Hannah’s Winter Review (2016 RC Book 6)

I have finished book six in my reading challenge.

This time, I read Hannah’s Winter by Kierin Meehan.

This book was the one I read for “A book recommended by a librarian or bookseller.” As it turns out, I never did ask the librarians for a recommendation – my library is always really understaffed and all the librarians seem way too busy when I go, so I didn’t want to bother them with something silly like asking for a recommendation. But I found a user on Reddit who worked in a bookstore, and when I mentioned that not only do I enjoy reading books like Japanland, If You Follow Me, and Learning to Bow, which talk about foreigners living in Japan for an extended period of time, but that I also am writing a book about a foreigner who goes to Japan for a year and I’m going to be working in Japan starting in July, she recommended this one to me.

Hannah’s Winter is a middle-grade paranormal adventure novel. Our protagonist, Hannah, has a crazy mother who drags her to Japan for winter vacation and leaves her to stay with a family that her mother is acquainted with while her mother travels around Japan, interviewing people for her newest book. Hannah has a very unique voice – she mentions that her mother likes to SPEAK IN ALL CAPITAL LETTERS and would be VERY DISAPPOINTED if Hannah didn’t learn any kanji while she stayed in Japan. And she’s got a very unique perspective of the world. This book was particularly enjoyable in that I was able to gather some new ideas for my own novel while reading it – Hannah’s Japanese speaking and listening comprehension before she goes to Japan is exceptional, but she isn’t very good at reading and writing. As I read this book, I noted things like when Ms. Meehan gave Hannah a language or cultural barrier and even the idea that some lines of dialogue can be left in Japanese without a direct translation, which I shall explore further in the next draft of my own novel.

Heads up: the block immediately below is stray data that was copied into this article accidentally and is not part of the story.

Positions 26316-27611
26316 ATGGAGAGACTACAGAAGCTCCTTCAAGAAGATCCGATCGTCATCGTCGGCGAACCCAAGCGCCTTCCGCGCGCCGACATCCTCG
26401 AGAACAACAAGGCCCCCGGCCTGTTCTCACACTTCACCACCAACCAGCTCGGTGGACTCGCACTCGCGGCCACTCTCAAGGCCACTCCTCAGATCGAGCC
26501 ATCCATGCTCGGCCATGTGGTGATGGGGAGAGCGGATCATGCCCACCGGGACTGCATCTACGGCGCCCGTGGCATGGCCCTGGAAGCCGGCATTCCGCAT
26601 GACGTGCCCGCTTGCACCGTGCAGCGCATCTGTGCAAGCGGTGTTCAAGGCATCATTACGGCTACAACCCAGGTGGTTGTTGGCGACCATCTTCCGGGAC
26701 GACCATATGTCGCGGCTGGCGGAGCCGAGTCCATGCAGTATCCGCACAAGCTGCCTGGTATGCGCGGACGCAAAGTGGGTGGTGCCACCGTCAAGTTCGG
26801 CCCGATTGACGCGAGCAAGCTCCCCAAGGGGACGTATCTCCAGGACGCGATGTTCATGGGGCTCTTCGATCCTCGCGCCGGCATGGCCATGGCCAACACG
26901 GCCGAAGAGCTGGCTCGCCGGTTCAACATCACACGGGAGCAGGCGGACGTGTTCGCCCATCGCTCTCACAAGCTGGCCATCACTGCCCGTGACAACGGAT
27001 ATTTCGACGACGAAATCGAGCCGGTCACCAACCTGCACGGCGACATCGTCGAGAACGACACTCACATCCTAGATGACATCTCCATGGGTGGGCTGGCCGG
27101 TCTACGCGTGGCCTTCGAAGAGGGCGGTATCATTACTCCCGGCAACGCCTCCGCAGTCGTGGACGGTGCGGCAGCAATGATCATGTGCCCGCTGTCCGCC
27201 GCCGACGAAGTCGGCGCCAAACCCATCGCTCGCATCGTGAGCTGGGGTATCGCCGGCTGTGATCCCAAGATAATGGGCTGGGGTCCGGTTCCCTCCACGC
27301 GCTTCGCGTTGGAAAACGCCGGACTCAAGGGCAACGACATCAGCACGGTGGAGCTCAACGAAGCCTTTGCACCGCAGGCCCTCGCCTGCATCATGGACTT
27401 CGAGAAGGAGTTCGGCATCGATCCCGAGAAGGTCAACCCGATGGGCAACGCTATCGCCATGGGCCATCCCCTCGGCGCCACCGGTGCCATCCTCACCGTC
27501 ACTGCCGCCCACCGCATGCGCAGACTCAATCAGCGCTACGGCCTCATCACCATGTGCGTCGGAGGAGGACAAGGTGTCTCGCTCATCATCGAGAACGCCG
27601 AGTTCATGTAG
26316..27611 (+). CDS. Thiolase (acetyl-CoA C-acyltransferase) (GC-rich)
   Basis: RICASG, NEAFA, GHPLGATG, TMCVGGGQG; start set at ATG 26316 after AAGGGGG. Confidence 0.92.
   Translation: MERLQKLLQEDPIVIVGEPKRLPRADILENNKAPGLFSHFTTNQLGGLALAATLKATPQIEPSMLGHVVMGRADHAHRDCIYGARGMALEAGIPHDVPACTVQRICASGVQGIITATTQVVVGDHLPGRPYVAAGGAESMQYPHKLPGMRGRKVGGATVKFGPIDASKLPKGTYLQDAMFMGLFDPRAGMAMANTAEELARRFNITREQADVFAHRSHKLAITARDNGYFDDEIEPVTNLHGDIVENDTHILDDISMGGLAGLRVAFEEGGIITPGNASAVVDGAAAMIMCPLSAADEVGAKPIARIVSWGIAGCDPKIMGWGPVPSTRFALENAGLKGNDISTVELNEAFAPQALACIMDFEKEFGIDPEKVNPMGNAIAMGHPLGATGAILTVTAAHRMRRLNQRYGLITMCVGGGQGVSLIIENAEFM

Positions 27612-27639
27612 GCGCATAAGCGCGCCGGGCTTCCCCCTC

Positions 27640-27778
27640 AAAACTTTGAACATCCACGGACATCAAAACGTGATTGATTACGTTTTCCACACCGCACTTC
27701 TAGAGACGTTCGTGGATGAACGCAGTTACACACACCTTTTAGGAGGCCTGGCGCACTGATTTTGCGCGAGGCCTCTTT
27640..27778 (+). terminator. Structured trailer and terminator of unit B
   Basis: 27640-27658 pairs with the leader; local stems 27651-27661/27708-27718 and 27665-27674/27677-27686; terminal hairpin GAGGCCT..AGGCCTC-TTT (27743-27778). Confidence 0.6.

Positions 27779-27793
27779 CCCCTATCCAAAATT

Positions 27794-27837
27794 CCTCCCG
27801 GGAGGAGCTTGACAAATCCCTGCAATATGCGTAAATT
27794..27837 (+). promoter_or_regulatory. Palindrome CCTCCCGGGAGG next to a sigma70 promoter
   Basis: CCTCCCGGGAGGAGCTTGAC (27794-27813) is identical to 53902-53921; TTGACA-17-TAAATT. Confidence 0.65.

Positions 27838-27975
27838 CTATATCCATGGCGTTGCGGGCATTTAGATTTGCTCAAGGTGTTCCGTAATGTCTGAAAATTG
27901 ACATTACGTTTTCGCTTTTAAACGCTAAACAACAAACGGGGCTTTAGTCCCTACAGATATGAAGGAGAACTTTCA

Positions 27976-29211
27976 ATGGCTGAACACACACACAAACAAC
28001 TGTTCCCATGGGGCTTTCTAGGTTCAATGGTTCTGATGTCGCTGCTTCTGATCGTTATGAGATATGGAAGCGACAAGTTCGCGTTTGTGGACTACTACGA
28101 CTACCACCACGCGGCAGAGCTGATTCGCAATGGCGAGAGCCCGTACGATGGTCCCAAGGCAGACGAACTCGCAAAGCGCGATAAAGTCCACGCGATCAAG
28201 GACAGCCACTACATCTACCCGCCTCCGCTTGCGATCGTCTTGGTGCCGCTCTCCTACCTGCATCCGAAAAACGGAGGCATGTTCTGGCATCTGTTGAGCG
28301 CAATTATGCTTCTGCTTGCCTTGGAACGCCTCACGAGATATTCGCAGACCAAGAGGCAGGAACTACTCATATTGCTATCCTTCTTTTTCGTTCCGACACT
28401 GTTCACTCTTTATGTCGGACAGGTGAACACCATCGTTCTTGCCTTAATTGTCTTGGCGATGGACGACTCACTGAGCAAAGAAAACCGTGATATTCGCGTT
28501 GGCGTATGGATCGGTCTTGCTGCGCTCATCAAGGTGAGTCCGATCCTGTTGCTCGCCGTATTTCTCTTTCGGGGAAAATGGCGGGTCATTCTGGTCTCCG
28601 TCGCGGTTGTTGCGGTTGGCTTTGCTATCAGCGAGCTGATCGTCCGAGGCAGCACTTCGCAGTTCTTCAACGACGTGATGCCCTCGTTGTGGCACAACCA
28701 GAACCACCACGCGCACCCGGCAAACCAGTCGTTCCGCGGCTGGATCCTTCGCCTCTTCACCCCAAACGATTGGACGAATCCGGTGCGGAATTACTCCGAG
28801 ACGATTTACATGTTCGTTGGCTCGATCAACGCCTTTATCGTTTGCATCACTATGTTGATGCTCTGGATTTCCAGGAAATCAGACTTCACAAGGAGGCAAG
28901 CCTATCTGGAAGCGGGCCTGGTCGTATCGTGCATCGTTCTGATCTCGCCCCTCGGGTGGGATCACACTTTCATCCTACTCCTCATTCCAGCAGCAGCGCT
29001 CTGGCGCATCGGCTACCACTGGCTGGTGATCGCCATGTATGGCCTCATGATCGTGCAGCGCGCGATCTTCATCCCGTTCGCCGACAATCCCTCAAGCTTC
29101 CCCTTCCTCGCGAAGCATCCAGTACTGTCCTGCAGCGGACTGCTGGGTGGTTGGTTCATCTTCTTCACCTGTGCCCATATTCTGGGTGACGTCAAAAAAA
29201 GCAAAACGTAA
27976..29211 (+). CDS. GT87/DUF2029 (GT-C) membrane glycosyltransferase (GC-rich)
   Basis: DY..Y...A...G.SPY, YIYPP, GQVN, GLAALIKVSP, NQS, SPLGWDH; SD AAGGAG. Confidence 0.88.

Hannah is to stay with her host family, who run a paper good shop, selling things like kites, notebooks, calligraphy paper, etc. One day, she finds a prophecy written on a slip of paper in the shop, and soon after, starts being haunted by the ghost of a young boy named Kai. With her host sister helping her, Hannah must solve the mystery of the puzzle to find out what happened to Kai and how to help him rest in peace.

The pacing at times felt a little bit rushed, but nothing I couldn’t follow. And the characters, situation, setting, and plot are all phenomenal – this is a book I intend to read again.

I would most definitely recommend this book to others. Even if you don’t have a vested interest in Japanese culture like I do, Hannah’s story is compelling and memorable and a definite page-turner. A five-star rating for sure. Quite refreshing, actually, because the last book I read for this challenge got a mere two stars.

If you find a copy of this book at your local library or bookstore, definitely give it a read. I couldn’t put it down and stayed up late into the night reading it.:) The Japanese cultural aspects, especially, are given such consideration that even I’m jealous of how much she knows. I’m surprised this book isn’t as well-known as it is – I’d never even heard of it until now, and I thought I’d read every book out there that was either a true or a fictionalized account of a foreigner living in Japan.

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